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I was in two minds about making the three tram trek over to the Anne Frank Huis in the heaviest rain since I got to The Netherlands. This trip was meant to be relaxing, stimulating and fun. Why spoil it by going to a place like that? Aren’t there funner places to be at in Amsterdam? The Netherlands and neighboring countries look like picture-perfect postcards at all times. Why should I put myself thru a visit to a house that evokes a deep sense of sorrow and mourning while not teaching me anything new? I already know the story and I know how it ends. Why go?

Well I am glad I did. Here’s what I learned in my three hours there – –

1. Anne’s father Otto did not really know her that well

A visit to the Anne Frank huis, museum and book store costs 9 Euros. It takes you thru the house that has been preserved/restored to its original 1940s version. There are quotes from Anne Frank on the walls and some background text. The quotes have a certain flow to them and the overall picture of a cramped and severely constrained accommodation is conveyed accurately thru the house. In certain rooms, there’s short videos playing of interviews with people who survived the war and also knew Anne.

One such video is a clip of Anne’s father Otto (who survived and lived until 1980) talking to a journalist in the 1960’s. Otto talks about how long he waited before he felt strong enough to open the diary and actually read it. He then said something that blew my mind. He said that after reading thru the diary he realized he didn’t know Anne at all. He talks about how brave and knowledgable she sounded on paper and how little he knew of her grasp of the social and political situation around her. Nothing in their daily interactions in that cramped and confined shelter for over two years told him anything that resembled the words she’d written down during the exact same time.

I stayed in the room and watched the video again a couple of times. The words are really powerful. Otto does not weep or show much emotion and yet what he is stating is that he didn’t have a conversation with Anne or think too much about her words and deeds for the entire time they were trapped in their make-shift house.

This really resonated with me and later had me staring into the canal outside the house (view in pic below) for a long while. How much do I really know about the people in my life that I interact with a lot? How much of me do they really know? Did my dad really know me once I left home for college? Does my mom know me now when we disagree on stuff? Did my parents know anything about me when I grew up as a kid? My dad travelled a lot. What chance did he have of really knowing me when Otto Frank was clueless about his daughter who spent may hours a day drafting her diary?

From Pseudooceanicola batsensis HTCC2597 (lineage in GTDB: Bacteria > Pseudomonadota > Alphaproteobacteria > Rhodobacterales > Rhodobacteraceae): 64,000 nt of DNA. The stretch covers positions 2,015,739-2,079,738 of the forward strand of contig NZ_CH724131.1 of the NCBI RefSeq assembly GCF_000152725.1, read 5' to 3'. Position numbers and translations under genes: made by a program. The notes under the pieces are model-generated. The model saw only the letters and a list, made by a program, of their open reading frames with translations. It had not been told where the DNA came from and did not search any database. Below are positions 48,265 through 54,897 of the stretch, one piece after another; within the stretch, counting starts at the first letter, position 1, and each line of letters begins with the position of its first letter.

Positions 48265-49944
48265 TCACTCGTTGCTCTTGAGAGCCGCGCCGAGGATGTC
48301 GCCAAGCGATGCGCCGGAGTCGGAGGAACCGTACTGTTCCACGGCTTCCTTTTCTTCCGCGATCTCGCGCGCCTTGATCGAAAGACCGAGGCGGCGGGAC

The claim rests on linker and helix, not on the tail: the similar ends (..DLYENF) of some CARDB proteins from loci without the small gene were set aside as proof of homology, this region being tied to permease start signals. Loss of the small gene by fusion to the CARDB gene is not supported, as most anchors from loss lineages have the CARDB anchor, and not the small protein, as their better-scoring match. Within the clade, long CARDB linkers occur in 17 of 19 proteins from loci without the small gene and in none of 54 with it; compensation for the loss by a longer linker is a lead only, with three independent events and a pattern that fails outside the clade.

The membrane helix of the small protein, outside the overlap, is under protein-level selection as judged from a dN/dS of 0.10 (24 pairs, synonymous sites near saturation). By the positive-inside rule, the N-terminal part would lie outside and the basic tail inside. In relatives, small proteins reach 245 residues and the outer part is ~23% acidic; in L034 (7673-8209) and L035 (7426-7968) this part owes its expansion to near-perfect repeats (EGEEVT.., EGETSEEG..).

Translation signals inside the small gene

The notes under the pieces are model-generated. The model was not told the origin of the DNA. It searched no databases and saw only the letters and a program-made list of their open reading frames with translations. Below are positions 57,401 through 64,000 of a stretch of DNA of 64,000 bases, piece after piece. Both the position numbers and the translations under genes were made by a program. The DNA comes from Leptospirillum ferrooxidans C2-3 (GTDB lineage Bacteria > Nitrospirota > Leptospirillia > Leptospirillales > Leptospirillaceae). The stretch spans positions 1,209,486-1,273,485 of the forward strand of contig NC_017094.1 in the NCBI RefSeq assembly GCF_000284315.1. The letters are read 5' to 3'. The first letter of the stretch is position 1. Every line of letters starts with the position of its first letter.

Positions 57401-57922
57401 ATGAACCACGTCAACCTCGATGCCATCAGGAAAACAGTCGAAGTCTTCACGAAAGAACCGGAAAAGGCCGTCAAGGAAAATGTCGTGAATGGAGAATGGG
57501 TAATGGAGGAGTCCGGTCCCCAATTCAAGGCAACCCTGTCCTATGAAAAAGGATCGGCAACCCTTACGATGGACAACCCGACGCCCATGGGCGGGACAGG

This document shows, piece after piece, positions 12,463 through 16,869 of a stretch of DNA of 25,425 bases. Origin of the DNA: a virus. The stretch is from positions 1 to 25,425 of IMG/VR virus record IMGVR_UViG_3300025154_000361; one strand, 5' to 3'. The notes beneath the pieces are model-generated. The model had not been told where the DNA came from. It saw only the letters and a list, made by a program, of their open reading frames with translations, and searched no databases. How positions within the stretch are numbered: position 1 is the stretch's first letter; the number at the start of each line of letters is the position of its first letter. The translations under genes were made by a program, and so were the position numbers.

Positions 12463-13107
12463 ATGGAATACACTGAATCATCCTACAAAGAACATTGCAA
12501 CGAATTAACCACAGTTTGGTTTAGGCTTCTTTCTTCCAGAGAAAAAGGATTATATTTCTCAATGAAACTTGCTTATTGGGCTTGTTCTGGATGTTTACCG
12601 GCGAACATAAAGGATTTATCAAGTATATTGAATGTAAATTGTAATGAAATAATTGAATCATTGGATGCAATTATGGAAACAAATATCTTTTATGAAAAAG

It also spoke to me in really powerful terms about the effect of fear on the human psyche. I am scared of a lot of things. And I can see how much such fear holds me back from living. Otto Frank and Anne Frank lived in so much fear and uncertainty that they would be captured by the Germans at any moment that they did not really talk to each other. I hope that I truly know the people I care about and those that care about me. Superficiality of many work and social settings and technology have made having the real conversations harder (for me). I don’t ever want to say that I understood someone I knew, better after he/she left the world.

Otto and Anne Frank taught me that today.

2. Anne really really wanted to be a journalist and a writer

There are quotes from Anne in one of the rooms in the house. It talks about how as she was writing the diary, she realized she wanted to be a journalist and a writer. That was her dream. She valued the profession enough at the age of 15 . So she started proof reading and rewriting all of her earlier entries to make sure they were journalistically and grammatical sound. How cool is that? To have that sort of rigor and vision at such a young age while being in isolation from society is amazing. How I wish she had somehow survived her ordeals or been rescued before! How much more depth could she have added to our understanding of the holocaust? Already and deservedly she is one of the most influential and popular writers of all time. My mind went to the million wannabe journalists and writers doing work today on sites unseen and journals and diaries locked away in cabinets. Not all of them are writing things that change the world terribly but am sure a lot of them have a voice or vision that supersedes anything that is out on popular sites. I worry that there’s an Anne Frank somewhere in the blogosphere now that I am not reading.

Lastly it pains me so much that the two Amsterdam heroes who have museums and streets and houses named after them (Van Gogh and Anne Frank) died so young before they had so much more to offer to all of us. Amsterdam is an amazing city and the Netherlands is a beautiful country. The people have been friendly and warm at all times. Amsterdam has a reputation. But, man has it seen some pain. There’s many ways to deal with loss and the city of Amsterdam may just be dealing with it by being more generous and more joyful to its guests than history has been to it.

3 Responses to “Lessons from a visit to the Anne Frank Huis”

  1. Dipti

    I loved this one…Your thought on having real conversations resonated with me ….While for many technology is a medium to reveal who they really are, for most it seems to be an escape from having real connections to people…because these real connections come with emotions that we are most often afraid of acknowledging..

    Reply

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